By living your commitment of inclusion, all employees will feel that you are building the caring culture they’re looking for. And they’ll be more loyal, engaged, and willing to stay, too.
3. Offer ESL Learning
- Greater diversity of ideas, skills, and talents
- Access to an expanded talent pool from which to fill open positions
- Improved employee retention
Citing multiple research reports, this SHRM article emphasizes, “The research found that workplace English classes do more than attract non-English-speaking immigrants who are eager to expand their language skills. They benefit businesses because improved English proficiency correlates with increased employee engagement and retention.”
4. Encourage Native English-Speaking Role Models and Ambassadors
It’s not enough for nonnative English speakers to learn the language. As this NPR article points out, “Decades of research show that when a native English speaker enters a conversation among nonnative speakers, understanding goes down.”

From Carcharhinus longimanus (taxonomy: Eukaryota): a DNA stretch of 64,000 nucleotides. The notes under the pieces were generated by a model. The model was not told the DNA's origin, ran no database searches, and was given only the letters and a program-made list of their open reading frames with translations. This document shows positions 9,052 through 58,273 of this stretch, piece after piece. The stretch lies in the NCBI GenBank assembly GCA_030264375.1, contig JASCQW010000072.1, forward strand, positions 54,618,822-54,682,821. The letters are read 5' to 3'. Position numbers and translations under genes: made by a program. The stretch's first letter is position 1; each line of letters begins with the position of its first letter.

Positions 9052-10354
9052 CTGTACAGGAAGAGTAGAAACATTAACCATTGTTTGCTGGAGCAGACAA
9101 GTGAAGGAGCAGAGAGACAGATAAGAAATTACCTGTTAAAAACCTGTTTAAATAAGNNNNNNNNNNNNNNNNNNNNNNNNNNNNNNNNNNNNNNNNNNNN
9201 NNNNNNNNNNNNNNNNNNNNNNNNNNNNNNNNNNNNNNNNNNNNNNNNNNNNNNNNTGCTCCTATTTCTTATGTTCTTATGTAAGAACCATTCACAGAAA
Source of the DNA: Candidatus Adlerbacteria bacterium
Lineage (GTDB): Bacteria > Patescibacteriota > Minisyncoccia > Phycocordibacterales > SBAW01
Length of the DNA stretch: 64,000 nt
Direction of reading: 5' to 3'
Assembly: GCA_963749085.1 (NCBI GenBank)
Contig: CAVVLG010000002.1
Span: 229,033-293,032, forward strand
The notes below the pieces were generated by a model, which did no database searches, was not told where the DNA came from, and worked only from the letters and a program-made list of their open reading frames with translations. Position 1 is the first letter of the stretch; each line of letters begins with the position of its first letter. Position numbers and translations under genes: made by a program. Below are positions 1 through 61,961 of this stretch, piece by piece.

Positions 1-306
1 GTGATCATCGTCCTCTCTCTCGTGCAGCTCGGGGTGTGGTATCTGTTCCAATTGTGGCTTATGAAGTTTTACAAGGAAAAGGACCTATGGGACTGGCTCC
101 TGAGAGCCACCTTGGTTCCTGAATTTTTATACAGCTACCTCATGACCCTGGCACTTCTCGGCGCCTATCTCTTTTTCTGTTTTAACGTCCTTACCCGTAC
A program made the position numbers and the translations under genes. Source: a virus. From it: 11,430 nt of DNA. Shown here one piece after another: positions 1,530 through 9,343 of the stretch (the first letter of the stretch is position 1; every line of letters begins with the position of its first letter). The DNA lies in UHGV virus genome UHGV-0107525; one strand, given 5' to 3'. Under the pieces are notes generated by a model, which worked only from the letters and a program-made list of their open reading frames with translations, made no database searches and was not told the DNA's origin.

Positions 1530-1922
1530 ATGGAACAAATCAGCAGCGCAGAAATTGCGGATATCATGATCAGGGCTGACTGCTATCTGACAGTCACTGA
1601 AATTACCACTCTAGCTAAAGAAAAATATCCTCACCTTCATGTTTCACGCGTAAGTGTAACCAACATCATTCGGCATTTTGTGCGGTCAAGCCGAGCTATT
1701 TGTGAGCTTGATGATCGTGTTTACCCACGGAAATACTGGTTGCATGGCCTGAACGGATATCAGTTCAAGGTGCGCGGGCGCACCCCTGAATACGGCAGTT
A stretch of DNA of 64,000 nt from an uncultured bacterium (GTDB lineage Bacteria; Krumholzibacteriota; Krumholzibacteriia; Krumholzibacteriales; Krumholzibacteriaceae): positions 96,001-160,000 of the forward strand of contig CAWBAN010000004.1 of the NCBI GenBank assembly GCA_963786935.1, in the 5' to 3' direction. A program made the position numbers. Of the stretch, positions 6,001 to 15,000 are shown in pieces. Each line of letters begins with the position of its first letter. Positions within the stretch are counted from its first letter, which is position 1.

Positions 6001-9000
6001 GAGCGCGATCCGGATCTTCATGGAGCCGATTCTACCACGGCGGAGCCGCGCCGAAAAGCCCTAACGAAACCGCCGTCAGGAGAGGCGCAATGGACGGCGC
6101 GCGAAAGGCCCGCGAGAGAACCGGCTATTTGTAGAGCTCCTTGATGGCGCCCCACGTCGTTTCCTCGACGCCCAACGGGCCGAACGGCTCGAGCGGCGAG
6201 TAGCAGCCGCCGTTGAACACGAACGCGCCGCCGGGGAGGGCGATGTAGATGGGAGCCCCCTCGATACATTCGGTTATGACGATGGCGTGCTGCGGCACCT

Set an expectation that native and nonnative English-speaking managers will become role models for inclusivity. For example, to ensure that an ESL voice or opinion isn’t overlooked, have managers call on the quieter individuals in a group and invite them to chime in before moving the conversation forward.
Encourage native English speakers to be mentors or ambassadors. If you have leaders who speak multiple languages, encourage them to be actively involved as the company becomes more welcoming of nonnative English speakers.
To improve communications with nonnative English colleagues, this community college blog suggests:
- Speaking slowly and clearly (without mumbling) can do a lot for people who speak multiple languages.
- Using visual aids